[Tweeters] Negligence Waiver
vickibiltz at gmail.com
Mon Mar 4 23:32:48 PST 2019
Dear Daniel and Tweeterland,
I do humbly apologize for sounding harsh, not making excuses but I heard a
few horror stories over the years. And due to my love for guides, I as
with my children can be overly protective of their reputations and well
being. I’m glad you’ve had wonderful experiences Daniel and I sure hope it
keeps going that way.
But if you do get a bad egg, I hope you have protective measures. See,
we can research the guides we hire, it’s often impossible for guides to
On Sun, Mar 3, 2019 at 1:28 PM Daniel R Froehlich <danielfroehlich at gmail.com>
> Thanks, Vicki, for your lively engagement on this topic, clearly heartfelt!
> In reading Vicki's response, I'm getting these main ideas:
> 1. The half of birders that are "very bad" need to be restrained to
> prevent them from damaging sensitive habitats and birds.
> 2. Guides are a significant bulwark of habitat and bird protection against
> the risks posed by those very bad birders.
> 3. Guides need protection from spurious, time-sucking and costly legal
> challenges that lack basis.
> As an experienced guide of over 60 trips and field programs, domestic and
> international, subject to all kinds of weather interference, closures,
> accidents and, yes, even an occasional appalling client, I've had the
> incredible good fortune of not being subject to any suits so
> far--knock-on-wood. And that is without resorting to aggressive negligence
> waivers! (Clearly, I didn't enjoy the ad hominem insinuation that only
> inexperienced guides would fail to embrace aggressive negligence
> I like breaking things down into component elements. With my experience
> as a guide, I often see a different risk than Vicki's post addresses.
> Sadly, just as there are "very bad" birders, there are guides that don't
> live up to the standards that Vicki's post charitably attributes to guides
> in general. Those who have been blessed with only good guides have also
> had incredibly good fortune!
> From Wikipedia*:*
> *Negligence* (Lat. *negligentia*)
> <https://en.wikipedia.org/wiki/Negligence#cite_note-1> is a failure to
> exercise appropriate and or ethical ruled care expected to be exercised
> amongst specified circumstances.
> <https://en.wikipedia.org/wiki/Negligence#cite_note-2> ...The core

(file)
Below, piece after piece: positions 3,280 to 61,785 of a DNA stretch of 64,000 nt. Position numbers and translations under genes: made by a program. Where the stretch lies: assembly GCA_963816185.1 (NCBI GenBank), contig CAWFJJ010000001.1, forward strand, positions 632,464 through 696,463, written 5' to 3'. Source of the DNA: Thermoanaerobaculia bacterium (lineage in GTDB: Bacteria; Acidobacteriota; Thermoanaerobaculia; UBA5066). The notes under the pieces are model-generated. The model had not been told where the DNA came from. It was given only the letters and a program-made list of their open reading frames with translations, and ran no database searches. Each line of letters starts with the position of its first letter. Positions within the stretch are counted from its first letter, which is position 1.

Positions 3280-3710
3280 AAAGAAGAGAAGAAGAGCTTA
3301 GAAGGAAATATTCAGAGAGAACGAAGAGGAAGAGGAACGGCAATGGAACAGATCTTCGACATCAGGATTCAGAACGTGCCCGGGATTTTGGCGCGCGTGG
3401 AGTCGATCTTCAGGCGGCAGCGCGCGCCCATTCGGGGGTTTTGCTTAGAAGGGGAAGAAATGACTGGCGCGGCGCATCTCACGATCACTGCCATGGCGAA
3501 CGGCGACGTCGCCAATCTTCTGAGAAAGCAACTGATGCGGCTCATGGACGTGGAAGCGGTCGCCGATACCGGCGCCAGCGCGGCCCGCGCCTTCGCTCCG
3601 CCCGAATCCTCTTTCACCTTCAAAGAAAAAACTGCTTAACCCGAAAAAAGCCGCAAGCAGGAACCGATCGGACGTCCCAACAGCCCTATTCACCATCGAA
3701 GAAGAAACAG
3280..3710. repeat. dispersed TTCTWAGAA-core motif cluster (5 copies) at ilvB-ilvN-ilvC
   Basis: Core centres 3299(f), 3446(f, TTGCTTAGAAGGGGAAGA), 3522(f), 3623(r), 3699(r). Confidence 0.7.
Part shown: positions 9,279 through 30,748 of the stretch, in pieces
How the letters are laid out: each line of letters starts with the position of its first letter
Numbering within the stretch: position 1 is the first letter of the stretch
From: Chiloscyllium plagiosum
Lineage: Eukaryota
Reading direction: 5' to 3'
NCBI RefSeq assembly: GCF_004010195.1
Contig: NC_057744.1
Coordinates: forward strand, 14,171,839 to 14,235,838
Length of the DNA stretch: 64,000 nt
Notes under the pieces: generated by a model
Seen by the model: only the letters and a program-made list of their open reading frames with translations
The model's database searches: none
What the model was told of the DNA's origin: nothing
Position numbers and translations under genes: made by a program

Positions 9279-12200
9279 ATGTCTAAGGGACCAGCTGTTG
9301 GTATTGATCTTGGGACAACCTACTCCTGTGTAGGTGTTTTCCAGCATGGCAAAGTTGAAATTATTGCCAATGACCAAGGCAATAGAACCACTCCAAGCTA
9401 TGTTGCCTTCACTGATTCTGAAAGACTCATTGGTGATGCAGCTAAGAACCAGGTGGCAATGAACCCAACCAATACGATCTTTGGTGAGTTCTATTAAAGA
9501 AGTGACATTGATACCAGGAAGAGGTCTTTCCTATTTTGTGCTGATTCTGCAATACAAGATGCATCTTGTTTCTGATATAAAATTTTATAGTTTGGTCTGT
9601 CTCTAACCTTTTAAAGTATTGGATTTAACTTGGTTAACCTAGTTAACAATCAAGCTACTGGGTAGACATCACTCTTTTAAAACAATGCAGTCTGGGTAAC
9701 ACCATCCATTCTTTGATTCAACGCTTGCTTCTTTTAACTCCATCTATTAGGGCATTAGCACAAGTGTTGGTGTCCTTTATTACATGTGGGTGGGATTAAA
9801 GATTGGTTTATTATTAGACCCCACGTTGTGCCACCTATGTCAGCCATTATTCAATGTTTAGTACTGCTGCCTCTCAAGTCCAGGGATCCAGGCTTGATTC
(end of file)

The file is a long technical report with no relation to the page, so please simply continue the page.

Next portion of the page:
> concept of negligence is that people should exercise reasonable care in
> their actions, by taking account of the potential harm that they might
> foreseeably cause to other people or property.
> For me, demanding clients forgo holding an operator accountable for such
> a real possibility simply raises suspicions about the operator's judgment:
> about their safety, about their ability to set realistic expectations in
> their marketing, about their customer satisfaction, even about their
> conservation scruples.
> I guess I am not understanding how one of the risks I think Vicki's post
> is addressing, that of unscrupulous suits that cost operators, are
> managed effectively by aggressive negligence waivers, perhaps through
> intimidation or deterrence? Both Vicki and I agree, I think, that people
> experiencing real harm due to negligence still achieve judicial traction
> regardless of waivers. So the group of suits Vicki and I may be
> disagreeing about are those brought *without* a legitimate claim of
> negligence. I just don't believe that those clients that fail to
> recognize the frivolousness of their claims, say in the examples Vicki's
> post offers, would be at all deterred by an aggressive negligence waiver.
> My experience with overly litigious-minded clients is that they are
> somewhat prone to being impervious to reason or influence... I realize
> that the backdrop for negligence litigation is the national-level, often
> highly-partisan and rarified discussion of tort reform; that's well beyond
> the scope of tweeters or this particular question.
> Apart from the merits and demerits of tort reform, my experience in the
> past few years suggests that the more aggressive and harsh the litigious
> restriction of rights among tourist service liability waivers, the
> shallower the level of perceived infraction needed to trigger
> legal-recourse thinking among clients. I'd be interested in analyses
> that actually compare rates of frivolous suits against companies using
> aggressive waivers vs those deploying concerted expectation management, and
> especially how that has developed over the past few decades.
> Vicki's post sensibly suggests considering the context of such waivers.
> That's true. In examples like the ones given, in which single operators
> have a monopoly on access due to area sensitivity, once-in-a-lifetime
> visitors might express their frustration of missing a viewing (due to
> weather, conservation necessity, acts of god) through a frivolous suit.